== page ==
It is believed that Khazzani, a native of Tetouan, Morocco, like so many alleged Islamist attackers in France, had traveled abroad extensively prior to committing his terrorist attack. Khazzani was a resident of Algeciras and Madrid in Spain until 2014, whereupon he took a job with the French mobile phone company Lycamobile and moved to France. Khazzani reportedly was radicalized at a mosque in Algeciras, across from the British territory of Gibraltar, where British intelligence keeps a very close eye on surrounding Spanish territory, including Algeciras. In June of this year, Khazzani was reportedly fighting alongside Islamic State guerrillas in Syria, later traveled from Antakya, Turkey to Tirana, Albania.
Khazzani’s story is almost the same as the one proffered by Mehdi Nemmouche, the Franco-Algerian who is said to have attacked the Jewish Museum of Brussels. Before the Brussels attack, Nemmouche is said to have fought with the Islamic State’s forces in Syria and spent some time in Britain. After attacking the Brussels museum, Nemmouche caught an overnight bus to Marseille from Brussels. A customs check discovered Nemmouche’s bag with an AK-47, a revolver, and bullets.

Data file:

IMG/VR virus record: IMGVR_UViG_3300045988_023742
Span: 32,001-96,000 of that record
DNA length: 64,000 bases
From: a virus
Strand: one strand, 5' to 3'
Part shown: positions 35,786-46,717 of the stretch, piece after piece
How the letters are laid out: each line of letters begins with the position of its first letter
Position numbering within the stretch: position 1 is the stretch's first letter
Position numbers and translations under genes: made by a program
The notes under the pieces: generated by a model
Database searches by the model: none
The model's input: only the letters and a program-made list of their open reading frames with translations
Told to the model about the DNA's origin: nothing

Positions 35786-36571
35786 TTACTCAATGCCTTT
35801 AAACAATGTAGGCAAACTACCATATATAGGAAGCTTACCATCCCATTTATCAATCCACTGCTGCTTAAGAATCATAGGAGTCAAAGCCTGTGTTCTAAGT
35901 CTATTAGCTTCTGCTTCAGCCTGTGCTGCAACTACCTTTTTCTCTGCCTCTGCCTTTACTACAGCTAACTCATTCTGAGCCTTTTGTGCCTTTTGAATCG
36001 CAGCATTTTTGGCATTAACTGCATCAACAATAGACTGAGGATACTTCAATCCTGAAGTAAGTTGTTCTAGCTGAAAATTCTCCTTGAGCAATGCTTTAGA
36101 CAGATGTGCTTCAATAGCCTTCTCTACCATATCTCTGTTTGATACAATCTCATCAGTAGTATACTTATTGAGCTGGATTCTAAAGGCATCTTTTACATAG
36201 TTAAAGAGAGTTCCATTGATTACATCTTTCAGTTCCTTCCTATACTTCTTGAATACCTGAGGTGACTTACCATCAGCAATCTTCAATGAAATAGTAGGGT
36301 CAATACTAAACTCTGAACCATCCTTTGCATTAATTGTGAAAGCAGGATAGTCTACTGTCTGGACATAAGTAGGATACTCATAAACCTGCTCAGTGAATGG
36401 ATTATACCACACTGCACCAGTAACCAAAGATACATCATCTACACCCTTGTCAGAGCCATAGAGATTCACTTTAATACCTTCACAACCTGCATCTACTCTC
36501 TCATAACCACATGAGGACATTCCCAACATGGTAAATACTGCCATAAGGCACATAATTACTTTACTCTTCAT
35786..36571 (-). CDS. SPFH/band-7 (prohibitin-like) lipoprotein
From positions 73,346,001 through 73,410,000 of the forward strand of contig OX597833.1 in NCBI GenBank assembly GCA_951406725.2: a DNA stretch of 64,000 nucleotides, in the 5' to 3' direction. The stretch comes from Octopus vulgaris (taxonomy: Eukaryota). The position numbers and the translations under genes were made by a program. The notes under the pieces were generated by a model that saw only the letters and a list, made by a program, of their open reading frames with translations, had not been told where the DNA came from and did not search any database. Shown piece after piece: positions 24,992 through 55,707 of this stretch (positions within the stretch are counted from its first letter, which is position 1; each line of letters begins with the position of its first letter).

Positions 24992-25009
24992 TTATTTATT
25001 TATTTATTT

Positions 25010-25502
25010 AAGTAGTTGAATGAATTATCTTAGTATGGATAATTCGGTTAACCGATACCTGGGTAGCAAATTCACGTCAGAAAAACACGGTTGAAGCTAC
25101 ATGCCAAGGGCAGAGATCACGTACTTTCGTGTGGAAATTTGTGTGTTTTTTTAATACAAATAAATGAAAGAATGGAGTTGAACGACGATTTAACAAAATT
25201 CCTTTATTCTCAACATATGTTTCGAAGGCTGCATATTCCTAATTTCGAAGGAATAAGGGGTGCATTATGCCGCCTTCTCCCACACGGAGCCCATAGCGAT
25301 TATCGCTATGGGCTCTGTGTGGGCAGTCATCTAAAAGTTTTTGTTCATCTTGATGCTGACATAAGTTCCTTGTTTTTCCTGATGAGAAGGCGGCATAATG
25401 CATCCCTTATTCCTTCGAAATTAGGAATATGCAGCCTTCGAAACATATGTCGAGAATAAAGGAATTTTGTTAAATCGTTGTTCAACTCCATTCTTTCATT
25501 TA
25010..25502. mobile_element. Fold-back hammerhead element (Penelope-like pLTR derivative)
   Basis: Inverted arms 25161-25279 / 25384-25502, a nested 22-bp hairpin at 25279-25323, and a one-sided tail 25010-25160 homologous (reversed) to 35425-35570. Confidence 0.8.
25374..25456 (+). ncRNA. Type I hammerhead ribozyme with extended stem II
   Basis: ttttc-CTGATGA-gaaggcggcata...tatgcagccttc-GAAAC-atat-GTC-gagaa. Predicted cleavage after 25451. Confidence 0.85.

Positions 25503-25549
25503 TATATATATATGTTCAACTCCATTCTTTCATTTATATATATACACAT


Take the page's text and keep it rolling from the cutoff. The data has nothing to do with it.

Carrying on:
Nemmouche claimed after his arrest by French police that he discovered the weapons in a parked car in Brussels and stole them in order to sell them on the black market in Marseille. Khazzani claims that he intended to use the weapons he found in a Brussels park, an AK-47, a Luger pistol, a box cutter, a half-liter of gasoline, and nine magazines of ammunition to rob passengers on the Thalys train in order to buy food because he was penniless and homeless. Both Kazzani and Nemmouche were well-known to French and other European law enforcement agencies as potential threats, yet no action was taken to conduct surveillance of their activities. Before the attack on the train, Khazzani was the subject of a French police “Fiche S” or “S” notice that was transmitted to various European law enforcement agencies and requested Khazzani to be placed under police special surveillance. In addition, the Spanish police had Khazzani’s DNA on file. Moreover, not only Spanish, but German and Belgian, as well as French intelligence, had fairly complete files on Khazzani prior to the attack on the Thalys train.